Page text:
What would we learn by comparing the texts and teachings of an entire religion across culture and language?
A few weeks ago, I posed the idea of global prayer metrics. I compared the function of prayer notices to journalism and reflected on the theology of quantifying prayer. Today’s post is a thought experiment and dataviz on measuring religious activity across cultures.
During a brainstorm with Andy Moore and James Doc at the International Fellowship of Evangelical Students a few months ago, we imagined an online artifact that would collect information about Christians’ religious experiences across culture and language. We could post an online, multilingual edition of the Bible and invite people to annotate it with interpretations and experiences. Would those interpretations converge, or would we see significant differences across different sects and geographies of Christianity? At the moment, Westerners have the loudest voices; could we channel insights from this dataset to cultivate a better appreciation of each others’ values?
After our chat, I realized that existing sermon datasets can be combined into a comparative dataset of religious focus. Churches with websites often publish their Sunday sermons online, often with links to audio recordings. Both my church in the UK and my new church in Boston have online interfaces for filtering and selecting those recordings based on scripture text. To develop a comparative sermon map, it wouldn’t even be necessary to track down every church website. Sermon podcast aggregator SermonAudio hosts and archives over half a million sermons by textual reference, date, speaker, and location (although that’s still only a small sample of American churches).
What They Preach
I’m stuck inside this Sunday with a cold, so I decided to build a heatmap which compares my UK church with my new American one. Using datasets from the last ten years of sermons at each church, I created a visualisation of what parts of the Bible my churches’ sermons focus on (Click to view “What They Preach”). Here’s what I found:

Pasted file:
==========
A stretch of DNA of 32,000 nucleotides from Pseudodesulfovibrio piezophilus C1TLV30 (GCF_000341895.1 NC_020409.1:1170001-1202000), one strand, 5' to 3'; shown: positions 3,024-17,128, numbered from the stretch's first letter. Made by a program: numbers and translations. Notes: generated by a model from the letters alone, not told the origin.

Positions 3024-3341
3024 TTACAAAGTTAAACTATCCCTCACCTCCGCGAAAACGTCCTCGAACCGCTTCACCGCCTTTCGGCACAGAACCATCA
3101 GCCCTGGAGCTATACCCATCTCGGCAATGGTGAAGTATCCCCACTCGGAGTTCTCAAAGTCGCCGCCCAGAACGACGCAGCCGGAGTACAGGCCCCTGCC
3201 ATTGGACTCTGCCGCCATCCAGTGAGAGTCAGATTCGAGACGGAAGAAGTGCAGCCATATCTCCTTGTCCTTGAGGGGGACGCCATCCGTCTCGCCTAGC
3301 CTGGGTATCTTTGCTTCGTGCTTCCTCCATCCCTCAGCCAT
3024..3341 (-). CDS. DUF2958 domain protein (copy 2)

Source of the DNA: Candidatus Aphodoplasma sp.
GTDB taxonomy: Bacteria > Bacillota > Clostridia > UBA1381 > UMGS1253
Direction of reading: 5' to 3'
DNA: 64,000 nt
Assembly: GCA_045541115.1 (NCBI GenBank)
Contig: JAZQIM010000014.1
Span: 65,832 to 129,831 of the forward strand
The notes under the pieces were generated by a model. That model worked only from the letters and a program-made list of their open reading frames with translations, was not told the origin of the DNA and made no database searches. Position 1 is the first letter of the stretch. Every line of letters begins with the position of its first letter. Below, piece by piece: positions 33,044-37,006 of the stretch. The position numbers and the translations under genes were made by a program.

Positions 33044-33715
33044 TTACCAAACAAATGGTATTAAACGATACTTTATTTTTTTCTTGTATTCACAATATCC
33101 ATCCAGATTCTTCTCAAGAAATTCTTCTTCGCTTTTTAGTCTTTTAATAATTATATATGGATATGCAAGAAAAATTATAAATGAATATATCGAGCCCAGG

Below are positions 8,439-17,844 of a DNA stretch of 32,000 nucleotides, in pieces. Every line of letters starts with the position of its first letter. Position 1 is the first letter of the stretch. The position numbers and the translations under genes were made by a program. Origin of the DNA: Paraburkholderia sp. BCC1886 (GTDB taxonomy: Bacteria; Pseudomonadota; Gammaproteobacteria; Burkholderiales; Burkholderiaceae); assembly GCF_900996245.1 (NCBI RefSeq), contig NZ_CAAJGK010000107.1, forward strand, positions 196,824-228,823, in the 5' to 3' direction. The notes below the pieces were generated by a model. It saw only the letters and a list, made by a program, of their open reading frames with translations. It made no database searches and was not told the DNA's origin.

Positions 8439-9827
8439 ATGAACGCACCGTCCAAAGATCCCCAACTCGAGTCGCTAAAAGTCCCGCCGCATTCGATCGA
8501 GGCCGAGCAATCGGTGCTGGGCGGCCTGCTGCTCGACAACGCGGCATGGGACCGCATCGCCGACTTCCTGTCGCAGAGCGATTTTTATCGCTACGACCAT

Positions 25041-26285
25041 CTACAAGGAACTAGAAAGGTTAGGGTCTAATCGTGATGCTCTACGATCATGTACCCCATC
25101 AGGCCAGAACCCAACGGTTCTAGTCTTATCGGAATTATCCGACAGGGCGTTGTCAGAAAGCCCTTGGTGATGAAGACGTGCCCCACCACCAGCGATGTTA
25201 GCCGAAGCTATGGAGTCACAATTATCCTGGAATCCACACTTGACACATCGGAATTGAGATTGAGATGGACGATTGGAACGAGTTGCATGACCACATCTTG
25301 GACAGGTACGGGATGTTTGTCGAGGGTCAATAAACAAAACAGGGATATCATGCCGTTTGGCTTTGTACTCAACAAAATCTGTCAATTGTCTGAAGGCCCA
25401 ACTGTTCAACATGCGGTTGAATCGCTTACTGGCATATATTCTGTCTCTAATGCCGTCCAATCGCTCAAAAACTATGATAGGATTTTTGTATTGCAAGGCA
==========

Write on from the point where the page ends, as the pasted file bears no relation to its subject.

It’s a well known fact within Christianity that you can’t learn the Bible by going to church on Sunday. It’s just too big for twice-a-week, hour-long lectures. Regular personal and group study are absolutely essential for anyone who’s trying to maintain an active, enquiring faith. Nevertheless, the overall pattern at these churches does include a mix of life advice and major doctrines. I admit that the prevalence of Galatians over Romans is surprising. A great deal of basic Christian theology comes from Romans, but it’s passed over in favour of St Paul’s other writings.
The most popular passages are different across churches. Park Street loves the beautiful Psalm 19, which has received 10 sermons. The Ten Commandments receive 10 Park Street sermons but not a single dedicated sermon at Eden (though I have heard them frequently referenced). Park Street has covered Jesus’s “Sermon on the Mount” 13 times, to Eden’s 3. St Paul’s beautiful encouragement to practical love within churches was the subject of 17 Eden sermons but only 2 of Park Street’s. Likewise, the epic narrative history of the idea of faith in Hebrews 11 received 9 Eden sermons and only one at Park Street.
Overall, Eden’s sermons appear to feature a greater diversity, while Park Street tends to focus repeatedly on a core set of topics and texts. As someone who is part of both communities, this makes sense to me. While Park Street throws itself into serving Boston’s high-turnover populations, Eden focuses on connecting the region’s students into a community of faith with a longer trajectory.
It’s also possible that the data shows a more embattled American church. Numerous sermons on the book of Genesis at Park Street participate in the current creationism debates in the United States. Park Street has also dedicated substantial time to the book of Daniel. American Christians in universities often compare themselves to Daniel, imagining themselves as covert believers within enemy institutions.
Sermons at both churches prefer theology to stories. Two years ago, my friend Dirk Jonkind gave a brilliant talk on the importance of stories in Christianity. Comparing intellectual and relational knowledge, he urged us to go beyond opinion and rules to explore God’s character through the Bible’s narratives (mp3). This heatmap has convinced me to focus more of my personal reading on narrative texts.
“The Supper at Emmaus” by Caravaggio
Today’s experiment has convinved me that we can learn a great deal from comparing the aggregate focus of churches around the world. Do you know of a good dataset or have another idea for the data analysis of religion? Email me or add a comment below.